Don’t believe in Jesus’ virgin birth? 
Not a problem, says Andy Stanley
republished below in full unedited for informational, educational, and research purposes:

Andy Stanley
Political Insider
AJC blog about Atlanta politics, Georgia politics, Georgia and metro Atlanta election campaigns. Because all politics is local.
December 27, 2016
| Filed in: Southern Baptists

December has apparently proven to be an interesting
month for the Rev. Andy Stanley, son of a former president of the
Southern Baptist Convention and lead pastor of North Point Community
Church in Alpharetta — one of the largest congregations in the country.
Though it is only now breaking in to the open, the Baptist world has been rocked by a Dec. 4 sermon in
which the son of famed TV evangelist Charles Stanley discounted the
importance of believing in the virgin birth of Jesus. His entry point:
“A lot of people just don’t believe it. And I understand that.
Maybe the thought is, ‘Hey, maybe they had to come up with some myth
about Jesus to give him street cred, you know, later on.’ Maybe that’s
where that came from.

“It’s interesting, because Matthew gives us a version of the
birth of Christ, Luke does, but Mark and John – they don’t even mention
it. A lot has been made of that….

“You’ve heard me say some version of this a million times, so
this will be old if you’ve been around for a while. But see, if somebody
can predict their own death and then their own resurrection, I’m not
all that concerned about how they got into the world.”

Many Baptists were aghast at what they saw as an unexpected new front opening up in the war on Christmas. From Baptist Global News:
Albert Mohler, president of Southern Baptist Theological Seminary
in Louisville, Ky., took exception to Stanley’s view in a Dec. 16
podcast describing the Bible stories about Christ’s incarnation as “the
central truth claim of Christmas.”

“Just in recent days, one Christian leader was quoted as saying
that if Jesus predicted his death and then was raised from the dead, it
doesn’t matter how he came into the world,” Mohler said. “But the Bible
insists it really does matter and the answer given from Scripture very
clear in the gospel of Matthew and in the gospel of Luke is that Jesus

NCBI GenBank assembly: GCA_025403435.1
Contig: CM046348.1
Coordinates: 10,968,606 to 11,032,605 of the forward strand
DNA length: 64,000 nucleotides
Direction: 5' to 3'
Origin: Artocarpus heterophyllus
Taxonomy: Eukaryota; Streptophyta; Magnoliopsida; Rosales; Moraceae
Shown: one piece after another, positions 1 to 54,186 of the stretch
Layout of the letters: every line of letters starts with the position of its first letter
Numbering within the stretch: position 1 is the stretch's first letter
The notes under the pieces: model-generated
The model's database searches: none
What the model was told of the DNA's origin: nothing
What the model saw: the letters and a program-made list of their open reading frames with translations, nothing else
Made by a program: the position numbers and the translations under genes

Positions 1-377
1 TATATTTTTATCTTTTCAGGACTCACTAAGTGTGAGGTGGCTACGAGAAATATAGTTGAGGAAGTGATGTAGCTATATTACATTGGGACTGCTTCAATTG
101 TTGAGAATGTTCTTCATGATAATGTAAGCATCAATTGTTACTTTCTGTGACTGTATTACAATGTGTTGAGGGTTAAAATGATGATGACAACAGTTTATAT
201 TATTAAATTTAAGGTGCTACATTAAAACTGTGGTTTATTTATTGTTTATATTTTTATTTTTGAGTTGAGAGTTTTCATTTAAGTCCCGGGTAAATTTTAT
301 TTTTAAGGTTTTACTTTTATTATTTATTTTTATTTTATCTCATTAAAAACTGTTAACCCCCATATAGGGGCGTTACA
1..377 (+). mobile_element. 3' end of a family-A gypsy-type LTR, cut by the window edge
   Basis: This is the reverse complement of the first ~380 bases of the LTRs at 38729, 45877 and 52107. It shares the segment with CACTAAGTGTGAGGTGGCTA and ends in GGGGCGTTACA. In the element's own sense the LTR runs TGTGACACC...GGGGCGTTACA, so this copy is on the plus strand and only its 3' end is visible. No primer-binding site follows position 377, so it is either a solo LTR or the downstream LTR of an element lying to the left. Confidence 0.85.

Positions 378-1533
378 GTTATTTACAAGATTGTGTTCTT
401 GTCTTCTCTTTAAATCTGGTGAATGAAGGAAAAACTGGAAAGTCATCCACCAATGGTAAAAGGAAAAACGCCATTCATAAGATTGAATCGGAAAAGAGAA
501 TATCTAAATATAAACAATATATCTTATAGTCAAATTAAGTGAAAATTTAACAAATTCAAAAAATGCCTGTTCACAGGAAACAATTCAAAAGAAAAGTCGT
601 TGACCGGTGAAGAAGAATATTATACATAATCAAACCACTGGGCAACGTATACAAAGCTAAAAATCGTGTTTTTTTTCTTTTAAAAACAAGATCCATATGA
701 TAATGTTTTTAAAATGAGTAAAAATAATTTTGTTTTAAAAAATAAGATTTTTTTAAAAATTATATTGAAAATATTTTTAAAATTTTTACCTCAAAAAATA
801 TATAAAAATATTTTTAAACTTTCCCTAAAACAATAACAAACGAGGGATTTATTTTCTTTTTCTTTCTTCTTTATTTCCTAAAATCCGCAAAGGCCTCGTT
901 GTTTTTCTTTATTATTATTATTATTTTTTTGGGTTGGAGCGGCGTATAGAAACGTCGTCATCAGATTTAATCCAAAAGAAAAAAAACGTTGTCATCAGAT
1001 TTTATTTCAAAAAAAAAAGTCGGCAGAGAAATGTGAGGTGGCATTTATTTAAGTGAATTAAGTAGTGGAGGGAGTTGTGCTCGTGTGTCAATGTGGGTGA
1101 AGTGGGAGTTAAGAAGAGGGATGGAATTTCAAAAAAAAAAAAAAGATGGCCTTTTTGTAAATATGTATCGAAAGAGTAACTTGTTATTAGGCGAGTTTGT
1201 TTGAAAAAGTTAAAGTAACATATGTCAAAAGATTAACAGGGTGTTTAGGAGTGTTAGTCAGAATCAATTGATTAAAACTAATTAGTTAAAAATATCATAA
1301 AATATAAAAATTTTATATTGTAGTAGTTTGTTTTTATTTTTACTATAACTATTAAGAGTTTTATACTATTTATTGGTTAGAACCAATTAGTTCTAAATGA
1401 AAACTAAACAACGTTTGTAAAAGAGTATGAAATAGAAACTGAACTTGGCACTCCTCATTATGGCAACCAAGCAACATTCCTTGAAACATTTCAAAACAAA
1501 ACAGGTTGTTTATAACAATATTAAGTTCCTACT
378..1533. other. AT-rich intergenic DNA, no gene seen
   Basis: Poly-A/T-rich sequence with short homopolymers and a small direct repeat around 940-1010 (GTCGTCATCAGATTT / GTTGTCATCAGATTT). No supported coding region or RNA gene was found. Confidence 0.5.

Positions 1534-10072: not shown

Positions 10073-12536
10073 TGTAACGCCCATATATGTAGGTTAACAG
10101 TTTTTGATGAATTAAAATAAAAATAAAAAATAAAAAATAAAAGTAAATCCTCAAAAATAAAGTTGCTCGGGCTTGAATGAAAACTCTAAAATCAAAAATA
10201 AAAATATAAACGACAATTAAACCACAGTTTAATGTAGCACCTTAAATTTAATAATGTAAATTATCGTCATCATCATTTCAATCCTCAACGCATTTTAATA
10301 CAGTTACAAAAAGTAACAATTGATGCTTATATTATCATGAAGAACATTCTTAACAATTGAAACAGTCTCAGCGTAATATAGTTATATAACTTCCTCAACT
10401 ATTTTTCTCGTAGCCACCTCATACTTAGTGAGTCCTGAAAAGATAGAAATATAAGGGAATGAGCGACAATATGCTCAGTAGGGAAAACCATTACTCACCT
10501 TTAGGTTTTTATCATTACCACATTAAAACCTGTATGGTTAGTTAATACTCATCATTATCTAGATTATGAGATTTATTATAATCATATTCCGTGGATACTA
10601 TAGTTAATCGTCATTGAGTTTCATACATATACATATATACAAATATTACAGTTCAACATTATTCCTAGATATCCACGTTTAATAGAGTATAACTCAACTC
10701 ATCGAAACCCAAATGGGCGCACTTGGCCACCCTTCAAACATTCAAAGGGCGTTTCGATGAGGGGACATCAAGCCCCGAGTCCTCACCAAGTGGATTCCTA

was born to a virgin.”

We’ll let the religion desk of the Washington Post weigh in as well:
This is not the first time Stanley…has had to defend remarks from
his sermons. Earlier this year, after critics accused him of
downplaying the authority of scripture, the nondenominational pastor
attributed the issue to his nontraditional preaching style.

“The real story is the handful of Southern Baptist professors and
writers (not so much preachers) who seem to have nothing else to do but
listen to bits and pieces of my messages,” he said in his statement to
The Post. “Anyone who listens to all three [sermons in the series] will
know that I stand firmly within the orthodox Christian tradition
regarding the incarnation of Jesus — including the birth narratives as
presented [in] Matthew and Luke.”

Stanley also said he believes people can become Christians without knowing the narratives around Jesus’ birth.

 (Friday Church News Notes, December 30, 2016,, 
[email protected], 866-295-4143) - 
The following is from Matt Costella,
 Fundamental Evangelistic Association, Dec. 23, 2016: 
Andy Stanley, pastor of North Pointe Ministries in the Atlanta area, is no 
stranger to controversy. Stanley has made numerous statements just this 
past year that have generated controversy and resulted in backlash from 
conservative evangelicals. But Stanley’s December 3, 2016, sermon may be
 the most controversial yet. In his sermon, Stanley minimized the 
importance—if not the reality—of the virgin birth of Jesus Christ. ‘A 
lot of people don’t believe it, and I understand that,’ Stanley said. He
 added, ‘Maybe the thought is they had to come up with some kind of myth
 about the birth of Jesus to give him street cred later on. Maybe that’s
 where that came from’ (Baptist News Global,
 ‘Virgin Birth Debate Interrupts Regular ‘War on Christmas’ Program,’ 
12-21-16). Stanley then noted that it is interesting that only 2 of the 4
 gospels mention the virgin birth, and said ‘Christianity doesn’t hinge 
on the truth or even the stories around the birth of Jesus … It really 
hinges on the resurrection of Jesus.’ Earlier this year, Stanley 
minimized the importance of the role Scripture plays in the life of the 
believer, and minimizing the importance of the virgin birth of Christ is
 simply the next step in this downward trajectory. The virgin birth of 
Christ is vitally important, for without the virgin birth, mankind would
 not have a Savior (the God-man) and no resurrection could have 
occurred! Despite what Stanley says, Christianity does
 hinge on the truth surrounding the birth of Jesus Christ. Stanley’s 
statements are dangerous and his conclusions are completely 
unbiblical. Discerning believers must beware of those who minimize vital
 doctrinal truths in an attempt to relate to those who reject such 
truths in the first place.”

Andy Stanley: Virgin Birth and Bible are Not Important